Monday, February 19, 2007


A Sign

Samuel Butler: “Surely the work done by the body is, in one way, more its true life than its limbs and organization are.”

A lazy snow-glary Sunday. That longing to work without “applying oneself.” Puttering inconsistency. How the big structures get made. Ambling. Preening the selectables, pruning the savage wash. Versus:Capturing . . . If it wasn’t recorded, it didn’t happen. If you couldn’t play time back, chop it against another riff, you would never achieve fiction. And, much more important, you would have nothing to sell.” Iain Sinclair. That glare against “achievement”—there’s the thing to combat. Against the ruffians of commerce with Herculean denials making they meretricious collapsibles, flooding the market with vulgar jerry-builts.

I like how Bob Perelman writes “during one of my Stendhal effusions.” (“Notes on Memoir,” Iflife) The title of that book though: not bodacious.

So one tarries against the enjambments of time, whilst it turns like a boulevardier impatient with the setting. A retail’d bouleversement, priced slash’d to nothing, how did it go in the grands magasins in the heyday of my wastrel youth? Au troisième étage, c’est un massacre! And I’d think tomahawks, wampum, quahogs in the Belle Époque light. A body hung up with lanyards of its own skin.

So one drifts with the sun’s getting dowsed by the earth’s refusals, the room a glade of irrecoverables. Or few. How David Jones stumbles into Sinclair’s narrative, a cultivator of “masterly inactivity.” Perfect. A “puttee-coloured face”—I read it putty, lack of colonialist regimen historickals showing up in a vocab paucity. Jones’s engagement to the daughter of Eric Gill (type designer and erotomane), Petra (stone), and joining in the extended community, first at Ditchling (Sussex), later at Capel-y-ffin in Wales. In Sinclair’s back pages, notes under Jones: “A notorious breaker of things.” “I hate being out of doors.”

What I loved most in Durrell’s Alexandria Quartet: the “workpoints.” The several pages at the back, available post-reading, claiming status as goads to what one just read. “Landscape-tones.” “Character-squeezes.” (Exempla of the latter: “Gaston Pombal: honey-bear, fleshly opiates.” “Clea Montis: still waters of pain.”) Stray quotables: “Of poems: ‘I like the soft thudding of Alexandrines.’ (Nissim)” Related in my unscour’d brainpan to F. Scott Fitzgerald’s Crack Up. A period of arguing for art’s essential unfinishedness, Jacques-Louis David’s undone portrait of Napoléon Bonaparte.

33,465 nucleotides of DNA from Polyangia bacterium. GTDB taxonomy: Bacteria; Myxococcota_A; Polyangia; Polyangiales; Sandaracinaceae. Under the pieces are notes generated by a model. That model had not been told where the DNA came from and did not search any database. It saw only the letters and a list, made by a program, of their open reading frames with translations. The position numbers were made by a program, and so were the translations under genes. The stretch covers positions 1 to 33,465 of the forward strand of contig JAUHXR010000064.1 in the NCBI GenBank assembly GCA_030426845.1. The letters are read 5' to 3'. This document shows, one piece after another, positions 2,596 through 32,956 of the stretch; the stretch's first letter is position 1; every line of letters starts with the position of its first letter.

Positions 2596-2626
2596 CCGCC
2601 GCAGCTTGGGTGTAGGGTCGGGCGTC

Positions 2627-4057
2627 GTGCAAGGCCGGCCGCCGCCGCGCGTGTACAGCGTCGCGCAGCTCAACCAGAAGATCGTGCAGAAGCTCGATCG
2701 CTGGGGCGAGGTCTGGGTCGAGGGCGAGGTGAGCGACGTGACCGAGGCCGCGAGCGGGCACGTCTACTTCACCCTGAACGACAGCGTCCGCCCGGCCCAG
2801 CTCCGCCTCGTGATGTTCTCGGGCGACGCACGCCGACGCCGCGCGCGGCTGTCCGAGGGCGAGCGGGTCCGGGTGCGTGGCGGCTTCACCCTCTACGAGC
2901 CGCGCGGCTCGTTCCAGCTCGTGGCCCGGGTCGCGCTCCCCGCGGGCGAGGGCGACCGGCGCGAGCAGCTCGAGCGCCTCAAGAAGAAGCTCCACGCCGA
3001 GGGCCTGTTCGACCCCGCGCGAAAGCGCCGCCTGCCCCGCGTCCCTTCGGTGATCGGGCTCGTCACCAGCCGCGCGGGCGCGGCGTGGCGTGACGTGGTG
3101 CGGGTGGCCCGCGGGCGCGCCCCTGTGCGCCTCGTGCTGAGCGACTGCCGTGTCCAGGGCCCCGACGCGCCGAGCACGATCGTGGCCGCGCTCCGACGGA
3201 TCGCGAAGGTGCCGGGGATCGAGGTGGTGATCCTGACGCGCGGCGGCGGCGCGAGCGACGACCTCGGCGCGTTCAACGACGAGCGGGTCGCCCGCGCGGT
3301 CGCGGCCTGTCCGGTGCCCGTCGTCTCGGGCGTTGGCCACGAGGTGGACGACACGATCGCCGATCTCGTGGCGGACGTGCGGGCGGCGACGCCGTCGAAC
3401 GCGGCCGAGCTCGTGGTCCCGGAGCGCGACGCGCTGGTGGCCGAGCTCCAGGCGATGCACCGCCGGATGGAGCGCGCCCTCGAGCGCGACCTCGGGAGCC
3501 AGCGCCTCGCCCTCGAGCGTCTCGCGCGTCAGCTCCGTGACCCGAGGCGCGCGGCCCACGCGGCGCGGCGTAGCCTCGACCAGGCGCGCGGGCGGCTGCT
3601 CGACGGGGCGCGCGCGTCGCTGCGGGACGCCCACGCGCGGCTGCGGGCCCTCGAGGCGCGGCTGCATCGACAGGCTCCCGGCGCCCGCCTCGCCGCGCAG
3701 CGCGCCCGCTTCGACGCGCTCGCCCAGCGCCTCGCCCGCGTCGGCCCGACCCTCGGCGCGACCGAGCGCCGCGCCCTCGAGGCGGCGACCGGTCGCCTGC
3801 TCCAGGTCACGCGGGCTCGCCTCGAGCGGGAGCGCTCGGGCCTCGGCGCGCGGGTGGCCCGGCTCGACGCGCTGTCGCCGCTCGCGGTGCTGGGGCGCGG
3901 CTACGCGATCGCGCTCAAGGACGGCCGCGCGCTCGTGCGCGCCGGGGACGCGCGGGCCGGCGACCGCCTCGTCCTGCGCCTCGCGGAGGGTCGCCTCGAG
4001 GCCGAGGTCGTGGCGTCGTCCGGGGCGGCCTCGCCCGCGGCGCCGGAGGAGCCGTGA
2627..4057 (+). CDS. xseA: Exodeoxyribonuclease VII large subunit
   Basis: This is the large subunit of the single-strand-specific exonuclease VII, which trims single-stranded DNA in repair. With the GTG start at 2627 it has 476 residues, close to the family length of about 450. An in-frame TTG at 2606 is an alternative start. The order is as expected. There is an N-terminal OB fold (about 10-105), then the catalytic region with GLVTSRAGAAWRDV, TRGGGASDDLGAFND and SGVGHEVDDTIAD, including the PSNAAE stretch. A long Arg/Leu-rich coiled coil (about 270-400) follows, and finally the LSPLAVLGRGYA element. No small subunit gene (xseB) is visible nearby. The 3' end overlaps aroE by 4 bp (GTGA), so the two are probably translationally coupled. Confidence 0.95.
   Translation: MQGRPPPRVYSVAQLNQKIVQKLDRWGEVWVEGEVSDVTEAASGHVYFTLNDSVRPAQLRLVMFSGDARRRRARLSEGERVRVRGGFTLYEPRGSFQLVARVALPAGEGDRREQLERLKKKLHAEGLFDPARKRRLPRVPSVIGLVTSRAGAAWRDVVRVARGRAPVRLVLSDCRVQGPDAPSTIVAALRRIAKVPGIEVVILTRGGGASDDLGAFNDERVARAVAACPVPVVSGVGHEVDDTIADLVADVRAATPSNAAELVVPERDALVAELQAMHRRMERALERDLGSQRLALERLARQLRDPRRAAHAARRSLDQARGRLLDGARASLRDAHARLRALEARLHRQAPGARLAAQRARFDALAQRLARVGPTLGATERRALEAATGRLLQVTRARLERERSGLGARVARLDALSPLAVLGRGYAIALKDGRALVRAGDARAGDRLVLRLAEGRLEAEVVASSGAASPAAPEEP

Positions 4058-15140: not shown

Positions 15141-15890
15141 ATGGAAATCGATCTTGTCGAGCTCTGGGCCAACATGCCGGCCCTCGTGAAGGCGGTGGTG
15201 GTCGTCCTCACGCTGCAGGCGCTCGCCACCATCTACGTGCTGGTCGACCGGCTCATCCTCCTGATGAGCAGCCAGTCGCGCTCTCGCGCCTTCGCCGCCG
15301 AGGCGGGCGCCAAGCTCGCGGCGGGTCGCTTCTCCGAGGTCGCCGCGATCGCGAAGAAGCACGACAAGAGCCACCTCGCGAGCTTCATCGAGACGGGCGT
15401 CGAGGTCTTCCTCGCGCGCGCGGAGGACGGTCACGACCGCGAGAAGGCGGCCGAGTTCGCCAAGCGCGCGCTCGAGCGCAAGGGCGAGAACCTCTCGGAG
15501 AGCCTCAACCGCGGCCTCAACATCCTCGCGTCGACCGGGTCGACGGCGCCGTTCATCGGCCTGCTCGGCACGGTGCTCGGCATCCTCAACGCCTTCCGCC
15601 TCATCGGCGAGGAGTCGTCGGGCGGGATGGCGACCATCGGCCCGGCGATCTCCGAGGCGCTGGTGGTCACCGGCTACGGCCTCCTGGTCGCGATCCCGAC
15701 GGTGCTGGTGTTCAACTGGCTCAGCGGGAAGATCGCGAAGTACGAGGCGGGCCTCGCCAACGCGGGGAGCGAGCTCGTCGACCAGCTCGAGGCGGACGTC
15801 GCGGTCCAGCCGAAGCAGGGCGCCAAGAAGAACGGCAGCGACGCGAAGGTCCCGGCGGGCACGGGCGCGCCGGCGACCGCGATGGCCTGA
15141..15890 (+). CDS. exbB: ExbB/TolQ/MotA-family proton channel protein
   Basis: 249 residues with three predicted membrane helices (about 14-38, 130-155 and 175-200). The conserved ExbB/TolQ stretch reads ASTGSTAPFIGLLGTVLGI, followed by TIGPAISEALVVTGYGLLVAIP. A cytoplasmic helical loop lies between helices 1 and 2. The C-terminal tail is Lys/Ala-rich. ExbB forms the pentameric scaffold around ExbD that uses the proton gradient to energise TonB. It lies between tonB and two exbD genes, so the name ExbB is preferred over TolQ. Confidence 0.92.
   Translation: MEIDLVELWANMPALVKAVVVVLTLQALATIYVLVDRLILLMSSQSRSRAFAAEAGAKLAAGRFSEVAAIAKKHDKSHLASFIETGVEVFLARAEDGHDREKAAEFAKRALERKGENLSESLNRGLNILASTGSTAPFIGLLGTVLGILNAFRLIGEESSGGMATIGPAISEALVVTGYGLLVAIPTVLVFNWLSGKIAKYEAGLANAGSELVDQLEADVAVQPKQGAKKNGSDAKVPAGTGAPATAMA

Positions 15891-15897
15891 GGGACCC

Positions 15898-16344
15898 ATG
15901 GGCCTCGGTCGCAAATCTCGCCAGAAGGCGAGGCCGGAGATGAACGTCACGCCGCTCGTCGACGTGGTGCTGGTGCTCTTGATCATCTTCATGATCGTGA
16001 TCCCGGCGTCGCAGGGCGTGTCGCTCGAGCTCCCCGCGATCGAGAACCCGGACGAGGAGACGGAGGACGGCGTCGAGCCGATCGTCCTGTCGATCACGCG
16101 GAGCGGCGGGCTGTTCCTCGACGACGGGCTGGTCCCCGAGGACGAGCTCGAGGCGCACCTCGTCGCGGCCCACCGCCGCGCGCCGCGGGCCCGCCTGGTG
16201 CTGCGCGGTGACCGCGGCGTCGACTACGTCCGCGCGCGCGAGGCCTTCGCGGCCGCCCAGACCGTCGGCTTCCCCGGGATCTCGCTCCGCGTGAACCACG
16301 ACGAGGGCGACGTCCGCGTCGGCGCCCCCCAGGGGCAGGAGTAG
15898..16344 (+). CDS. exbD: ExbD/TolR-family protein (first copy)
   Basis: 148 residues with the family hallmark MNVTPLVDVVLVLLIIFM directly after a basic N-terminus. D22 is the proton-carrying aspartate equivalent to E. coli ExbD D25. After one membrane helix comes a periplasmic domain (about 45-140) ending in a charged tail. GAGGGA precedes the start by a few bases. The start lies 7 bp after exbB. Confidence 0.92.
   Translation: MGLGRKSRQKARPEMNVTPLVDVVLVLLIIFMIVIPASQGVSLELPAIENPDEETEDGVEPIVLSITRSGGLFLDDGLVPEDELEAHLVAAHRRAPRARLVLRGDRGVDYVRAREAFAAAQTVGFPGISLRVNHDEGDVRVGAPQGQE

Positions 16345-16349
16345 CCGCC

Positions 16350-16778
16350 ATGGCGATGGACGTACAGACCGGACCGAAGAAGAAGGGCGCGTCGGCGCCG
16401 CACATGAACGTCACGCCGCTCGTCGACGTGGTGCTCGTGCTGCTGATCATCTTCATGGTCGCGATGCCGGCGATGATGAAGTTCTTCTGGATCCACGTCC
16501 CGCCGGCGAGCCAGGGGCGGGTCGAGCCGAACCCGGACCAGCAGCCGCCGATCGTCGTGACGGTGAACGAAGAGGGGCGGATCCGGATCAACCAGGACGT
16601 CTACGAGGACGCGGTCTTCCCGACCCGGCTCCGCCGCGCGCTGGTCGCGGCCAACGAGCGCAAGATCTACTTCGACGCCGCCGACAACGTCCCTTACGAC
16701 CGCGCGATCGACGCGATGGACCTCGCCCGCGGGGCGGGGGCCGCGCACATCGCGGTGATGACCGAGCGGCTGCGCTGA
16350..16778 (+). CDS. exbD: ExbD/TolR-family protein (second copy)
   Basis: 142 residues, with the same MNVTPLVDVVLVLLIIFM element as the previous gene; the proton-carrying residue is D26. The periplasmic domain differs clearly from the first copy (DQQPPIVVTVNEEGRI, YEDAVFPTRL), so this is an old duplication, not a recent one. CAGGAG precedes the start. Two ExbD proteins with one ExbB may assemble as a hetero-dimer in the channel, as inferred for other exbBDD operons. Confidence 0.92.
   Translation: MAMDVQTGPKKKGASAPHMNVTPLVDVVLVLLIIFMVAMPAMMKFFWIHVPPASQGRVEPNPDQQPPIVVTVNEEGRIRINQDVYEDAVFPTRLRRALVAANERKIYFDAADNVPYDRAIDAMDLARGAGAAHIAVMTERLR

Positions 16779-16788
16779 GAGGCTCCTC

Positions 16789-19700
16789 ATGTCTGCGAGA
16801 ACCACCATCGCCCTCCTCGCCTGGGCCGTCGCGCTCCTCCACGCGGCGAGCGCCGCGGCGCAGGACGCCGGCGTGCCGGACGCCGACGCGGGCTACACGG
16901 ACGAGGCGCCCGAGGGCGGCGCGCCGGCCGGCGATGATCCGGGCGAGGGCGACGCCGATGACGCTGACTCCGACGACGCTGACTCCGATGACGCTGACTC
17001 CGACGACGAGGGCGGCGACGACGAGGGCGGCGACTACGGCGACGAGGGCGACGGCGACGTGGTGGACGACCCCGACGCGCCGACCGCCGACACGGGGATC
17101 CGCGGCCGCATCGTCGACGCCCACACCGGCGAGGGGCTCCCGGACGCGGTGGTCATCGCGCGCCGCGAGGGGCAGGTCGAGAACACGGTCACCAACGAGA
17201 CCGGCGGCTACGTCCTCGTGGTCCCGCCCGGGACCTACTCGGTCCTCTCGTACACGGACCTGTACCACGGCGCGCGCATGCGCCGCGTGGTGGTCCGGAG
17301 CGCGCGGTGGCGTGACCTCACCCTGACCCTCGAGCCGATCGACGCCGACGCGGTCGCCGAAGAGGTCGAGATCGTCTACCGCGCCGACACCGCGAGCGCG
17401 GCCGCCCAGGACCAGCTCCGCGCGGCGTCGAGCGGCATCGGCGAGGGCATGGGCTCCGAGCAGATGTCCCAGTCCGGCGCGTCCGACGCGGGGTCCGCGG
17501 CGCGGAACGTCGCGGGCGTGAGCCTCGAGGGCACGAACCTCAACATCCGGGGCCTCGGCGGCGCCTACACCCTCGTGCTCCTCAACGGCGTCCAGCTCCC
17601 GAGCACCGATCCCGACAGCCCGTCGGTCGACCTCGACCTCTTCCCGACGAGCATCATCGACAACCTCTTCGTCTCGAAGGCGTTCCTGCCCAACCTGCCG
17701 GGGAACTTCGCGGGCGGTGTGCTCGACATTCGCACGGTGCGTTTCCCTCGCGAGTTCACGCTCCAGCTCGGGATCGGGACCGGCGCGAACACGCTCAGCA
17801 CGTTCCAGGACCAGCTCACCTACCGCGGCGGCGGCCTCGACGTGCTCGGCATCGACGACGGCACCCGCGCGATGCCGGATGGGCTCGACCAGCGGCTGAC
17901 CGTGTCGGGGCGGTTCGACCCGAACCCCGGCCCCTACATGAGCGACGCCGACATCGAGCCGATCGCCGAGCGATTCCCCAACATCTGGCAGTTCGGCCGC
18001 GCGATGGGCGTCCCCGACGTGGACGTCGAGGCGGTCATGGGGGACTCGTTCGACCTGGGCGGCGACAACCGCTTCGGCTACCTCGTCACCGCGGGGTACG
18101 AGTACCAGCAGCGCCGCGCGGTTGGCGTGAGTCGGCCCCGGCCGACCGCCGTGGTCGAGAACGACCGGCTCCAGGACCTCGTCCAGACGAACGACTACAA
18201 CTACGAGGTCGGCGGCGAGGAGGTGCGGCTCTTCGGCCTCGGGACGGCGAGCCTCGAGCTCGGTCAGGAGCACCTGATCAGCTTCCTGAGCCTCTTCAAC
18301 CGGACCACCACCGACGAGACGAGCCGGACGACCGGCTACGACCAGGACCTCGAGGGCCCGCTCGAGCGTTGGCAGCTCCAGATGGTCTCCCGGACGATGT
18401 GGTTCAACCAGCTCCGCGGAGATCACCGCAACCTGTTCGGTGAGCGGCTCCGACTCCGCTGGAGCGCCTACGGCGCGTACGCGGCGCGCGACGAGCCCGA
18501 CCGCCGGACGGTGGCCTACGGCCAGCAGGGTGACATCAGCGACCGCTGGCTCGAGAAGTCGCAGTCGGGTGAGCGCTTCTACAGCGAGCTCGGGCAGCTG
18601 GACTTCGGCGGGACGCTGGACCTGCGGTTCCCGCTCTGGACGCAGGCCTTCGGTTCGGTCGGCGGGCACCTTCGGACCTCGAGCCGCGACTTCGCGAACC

Jacques-Louis David, Le général Bonaparte, c. 1797-98

Ashbery (1972): “To create a work of art that the critic cannot even begin to talk about ought to be the artist’s chief concern.” Is that boyish braggadocio? Is the unfinish’d one way to thwart such talk?

Sinclair’s novel as language barrage and onslaught. All registers. With factoids for texture, with genre’d plot gizmos (obvious as oatcakes) for labeling. An unshapely mass, “poet’s novel.” Sinclair: “a folly of the worst kind, forged narratives, faked climaxes, bent history. A disservice to all concerned.” And: “The first sentence on the page and the game’s up, the story goes its own way.” Which is precisely what makes it, the Savage Landor book, “authentic.” Meaning “possessing authority.” See all the way back to the Wycliffe bible of the late fourteenth c. for it: “No goostli vndurstondyng is autentik, no but it be groundid in the text opynli.” In the text opynli. A strenuously undiddled mess.

And Henry Vaughan, poet a.k.a. “the Silurist,” twin to Thomas, philosopher and “common drunkard,” Henry figures in the story. He reported seeing in a revery, “a beautifull young man with a garland of green leafs upon his head, & an hawk upon his fist: with a quiver full of Arrows att his back, coming toward him (whistling several measures or tunes all the way) and att last lett the hawk fly att him, wch (he dreamt) got into his mouth & inward parts, & suddenly awaked in a great fear & consternation: butt possessed with such a vein, or gift of poetrie, that he left the sheep & went about the Countrey, making songs. . .” Green Man hoedown.

Iain Sinclair